The British Fashion Council was yesterday criticised by eating disorders campaigners for being too slow to implement recommendations made by the Model Health Inquiry chaired by Baroness Denise Kingsmill.
"We want the fashion industry to put its words into action, to just get on with it," said Susan Ringwood, chief executive of the eating disorders charity Beat. "But there has been little evidence so far of any direct action."
As the fashion houses prepare for London's spring fashion show early next month, the row has reignited the debate over the use of size zero models by some couture houses.
The "toxic aspects" of the fashion industry need to be addressed, said Ms Ringwood. She called on the fashion industry to "acknowledge that it does create an aspiration – that there is only one ideal shape, very tall very thin and very young – that can be harmful and unhealthy for some people."
Only four out of 14 recommendations from the Kingsmill inquiry have been put into practice and doubts are now being expressed about just how committed the fashion industry is to improving the health of models, amid concerns over those suffering from eating disorders like anorexia or bulimia. "We've offered our expertise and submitted proposals on how we could help to implement the recommendations and we are still waiting for a response," said Ms Ringwood.
The very nature of the fashion industry will make change difficult. The top model Erin O'Connor, a member of the MHI panel, said: "In the industry, unfortunately, there's no such thing as having an eating disorder." Speaking in a film made by the BFC, she admits "it's pretty tough" for models who aren't thin and says: "Nobody ever told me that I was fat, but I was made to feel uncomfortable about not meeting the requirements of the clothes and how they'd been cut."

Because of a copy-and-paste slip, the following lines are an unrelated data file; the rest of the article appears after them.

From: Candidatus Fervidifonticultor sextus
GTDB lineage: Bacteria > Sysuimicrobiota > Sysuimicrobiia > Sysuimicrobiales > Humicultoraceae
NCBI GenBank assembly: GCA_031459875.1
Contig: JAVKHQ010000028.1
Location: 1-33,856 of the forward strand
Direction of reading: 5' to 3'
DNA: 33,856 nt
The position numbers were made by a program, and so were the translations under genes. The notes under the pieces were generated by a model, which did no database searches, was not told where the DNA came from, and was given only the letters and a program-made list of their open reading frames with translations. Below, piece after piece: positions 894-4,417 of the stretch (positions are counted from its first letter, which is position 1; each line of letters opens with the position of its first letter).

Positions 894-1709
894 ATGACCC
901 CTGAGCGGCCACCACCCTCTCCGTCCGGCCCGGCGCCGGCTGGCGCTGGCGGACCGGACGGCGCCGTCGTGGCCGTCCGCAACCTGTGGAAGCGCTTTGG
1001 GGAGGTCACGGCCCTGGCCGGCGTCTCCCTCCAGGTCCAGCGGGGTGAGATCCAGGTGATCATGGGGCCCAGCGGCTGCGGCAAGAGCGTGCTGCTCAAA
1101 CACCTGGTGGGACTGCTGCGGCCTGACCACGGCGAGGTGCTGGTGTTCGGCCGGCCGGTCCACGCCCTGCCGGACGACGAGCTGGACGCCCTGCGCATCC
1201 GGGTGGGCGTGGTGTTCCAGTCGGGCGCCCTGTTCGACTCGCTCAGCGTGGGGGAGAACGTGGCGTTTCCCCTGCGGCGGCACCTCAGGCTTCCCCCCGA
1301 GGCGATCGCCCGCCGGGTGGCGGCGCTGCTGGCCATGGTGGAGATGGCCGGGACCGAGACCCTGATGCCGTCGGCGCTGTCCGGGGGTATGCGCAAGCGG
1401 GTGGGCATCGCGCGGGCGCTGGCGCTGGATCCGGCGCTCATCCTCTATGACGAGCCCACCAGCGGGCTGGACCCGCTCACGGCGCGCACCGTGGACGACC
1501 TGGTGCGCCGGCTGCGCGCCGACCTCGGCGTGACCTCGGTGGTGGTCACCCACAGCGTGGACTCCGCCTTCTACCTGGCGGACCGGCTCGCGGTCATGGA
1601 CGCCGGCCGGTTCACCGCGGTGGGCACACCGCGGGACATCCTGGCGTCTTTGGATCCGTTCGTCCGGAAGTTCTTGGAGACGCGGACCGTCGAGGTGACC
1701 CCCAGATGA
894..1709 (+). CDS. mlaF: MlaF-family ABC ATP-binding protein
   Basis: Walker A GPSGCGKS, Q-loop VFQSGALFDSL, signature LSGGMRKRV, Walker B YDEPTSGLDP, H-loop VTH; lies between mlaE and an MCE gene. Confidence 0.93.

Dr Adrienne Key, an eating disorders specialist based at the Priory clinic in west London, who also sits on the MHI Panel, comments: "There are definite sections of the industry that continue to promote unhealthy body images – androgynous underweight appearances. This is at the cost of the health of some of the models concerned."
But a BFC spokeswoman insisted: "We're very happy that we are making substantial headway in addressing many of the issues raised by the Model Health Inquiry and that the awareness created of these important issues has had a positive impact on the industry."
There have been some changes. Next month's London Fashion Week will see independent auditors monitor a ban on models under 16 and a zero tolerance approach to drugs as part of a "healthy backstage environment". Models will also be able to take time out at a staffed apartment in central London. And the BFC aims to have an internationally recognised medical certificate for models in time for September's London Fashion Week.
One of London's biggest agencies, Premier Model Management, now has a nutritionist to advise its models on healthy eating, and prepares diet sheets to help them eat properly.
The BFC claimed that almost half the MHI's recommendations, such as criminal record checks on people working with child models, fall outside its remit, and admits "attitude and culture change are also vital if we are to achieve significant change". It argues that some things can be done quicker than others.
But words are not enough, said the 28-year-old model Tarryn Meaker from London. She began modelling at 16 and suffered from bulimia for three years under the pressure to be thin. "I don't see a lot being done," she said.
"I see people saying things and then passing the buck," added Ms Meaker, who has put bulimia behind her and now, at size 12, is regarded as a "plus size" model.
"People who question the status quo risk losing work. The model industry is all about hype and spin so of course they'll say whatever is going to keep them out of trouble, but so far all I've seen is a lot of well-intentioned talk."Reuse content